- Donald E. Hester
Reporting to Council: Why Local Governments Should Use the NIST Cybersecurity Framework
As cybersecurity threats continue to increase, it is becoming more important than ever for local governments to prioritize their security measures. One way to ensure that City Council is aware of the state of cybersecurity within their organization is by using the NIST Cybersecurity Framework (CSF). This framework is highly recommended for local governments and critical infrastructure partners, making it an ideal tool for reporting on cybersecurity to council. The framework is designed around five main objectives, providing a straightforward way to report on areas of strength and weakness. Additionally, the Cybersecurity Framework is broad enough in scope to avoid revealing sensitive information during public meetings, while remaining easy for non-professionals to understand. By utilizing this framework, City Council can be better informed about their organization's cybersecurity posture and take appropriate actions to mitigate risks.
Other Frameworks for Reporting
While some have suggested the CIS Top 18 controls for reporting cybersecurity in local government, some experts find it difficult to manage and clearly communicate. The main advantage of reporting with the Cybersecurity Framework is that it is easy to understand and to report on the progress of each objective. On the other hand, the Top 18 controls are more detailed and often require further explanation, which can confuse non-professionals.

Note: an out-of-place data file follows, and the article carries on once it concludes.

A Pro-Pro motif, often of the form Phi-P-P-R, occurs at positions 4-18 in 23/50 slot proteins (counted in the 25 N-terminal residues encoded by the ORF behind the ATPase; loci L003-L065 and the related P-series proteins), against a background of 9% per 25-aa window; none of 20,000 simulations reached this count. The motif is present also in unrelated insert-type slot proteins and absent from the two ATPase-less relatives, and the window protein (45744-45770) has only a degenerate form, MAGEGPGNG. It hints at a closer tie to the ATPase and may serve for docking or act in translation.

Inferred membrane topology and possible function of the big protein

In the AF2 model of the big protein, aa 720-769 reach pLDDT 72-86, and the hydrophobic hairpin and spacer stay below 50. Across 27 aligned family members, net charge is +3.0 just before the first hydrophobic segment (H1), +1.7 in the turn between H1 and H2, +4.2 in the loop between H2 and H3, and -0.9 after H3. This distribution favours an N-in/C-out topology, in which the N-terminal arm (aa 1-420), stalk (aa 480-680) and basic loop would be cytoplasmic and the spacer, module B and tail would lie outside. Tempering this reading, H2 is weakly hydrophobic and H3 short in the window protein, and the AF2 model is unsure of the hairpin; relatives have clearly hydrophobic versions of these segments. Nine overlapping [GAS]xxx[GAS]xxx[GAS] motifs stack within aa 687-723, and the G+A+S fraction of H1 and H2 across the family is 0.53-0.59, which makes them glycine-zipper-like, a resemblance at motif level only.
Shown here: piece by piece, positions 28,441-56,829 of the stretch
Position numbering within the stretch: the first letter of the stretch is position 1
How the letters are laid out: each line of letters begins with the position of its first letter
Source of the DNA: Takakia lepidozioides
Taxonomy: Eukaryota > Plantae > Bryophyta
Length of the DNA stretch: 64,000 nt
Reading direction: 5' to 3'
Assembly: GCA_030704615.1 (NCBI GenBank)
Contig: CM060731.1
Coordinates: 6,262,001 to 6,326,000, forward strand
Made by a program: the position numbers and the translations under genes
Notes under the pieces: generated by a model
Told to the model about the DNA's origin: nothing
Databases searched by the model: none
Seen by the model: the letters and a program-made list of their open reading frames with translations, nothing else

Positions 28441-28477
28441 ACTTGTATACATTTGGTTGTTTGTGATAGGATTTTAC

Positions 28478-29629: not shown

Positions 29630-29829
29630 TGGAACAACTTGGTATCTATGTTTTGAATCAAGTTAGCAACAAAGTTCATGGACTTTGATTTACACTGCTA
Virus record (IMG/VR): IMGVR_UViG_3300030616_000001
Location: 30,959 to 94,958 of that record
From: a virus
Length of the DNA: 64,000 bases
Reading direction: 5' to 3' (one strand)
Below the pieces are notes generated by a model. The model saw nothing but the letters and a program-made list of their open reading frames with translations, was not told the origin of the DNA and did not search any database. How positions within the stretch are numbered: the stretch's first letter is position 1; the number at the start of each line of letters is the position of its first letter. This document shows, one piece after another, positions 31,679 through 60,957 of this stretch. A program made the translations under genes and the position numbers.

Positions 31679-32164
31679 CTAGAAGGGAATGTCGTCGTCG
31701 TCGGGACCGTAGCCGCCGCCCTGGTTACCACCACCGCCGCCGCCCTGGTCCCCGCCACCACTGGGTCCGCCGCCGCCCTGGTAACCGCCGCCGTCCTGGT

Some have considered using a vendor-specific framework, such as InfoTech's Security Governance and Management Maturity Scorecard. However, it's important to keep in mind the intended audience of the report. InfoTech's scorecard covers seven areas, including auditing, policy and process governance, risk analysis, vulnerability management, event and incident management, security culture, and compliance management. While this may provide a comprehensive view of an organization's security posture, it may not be the clearest approach when reporting to a council or board.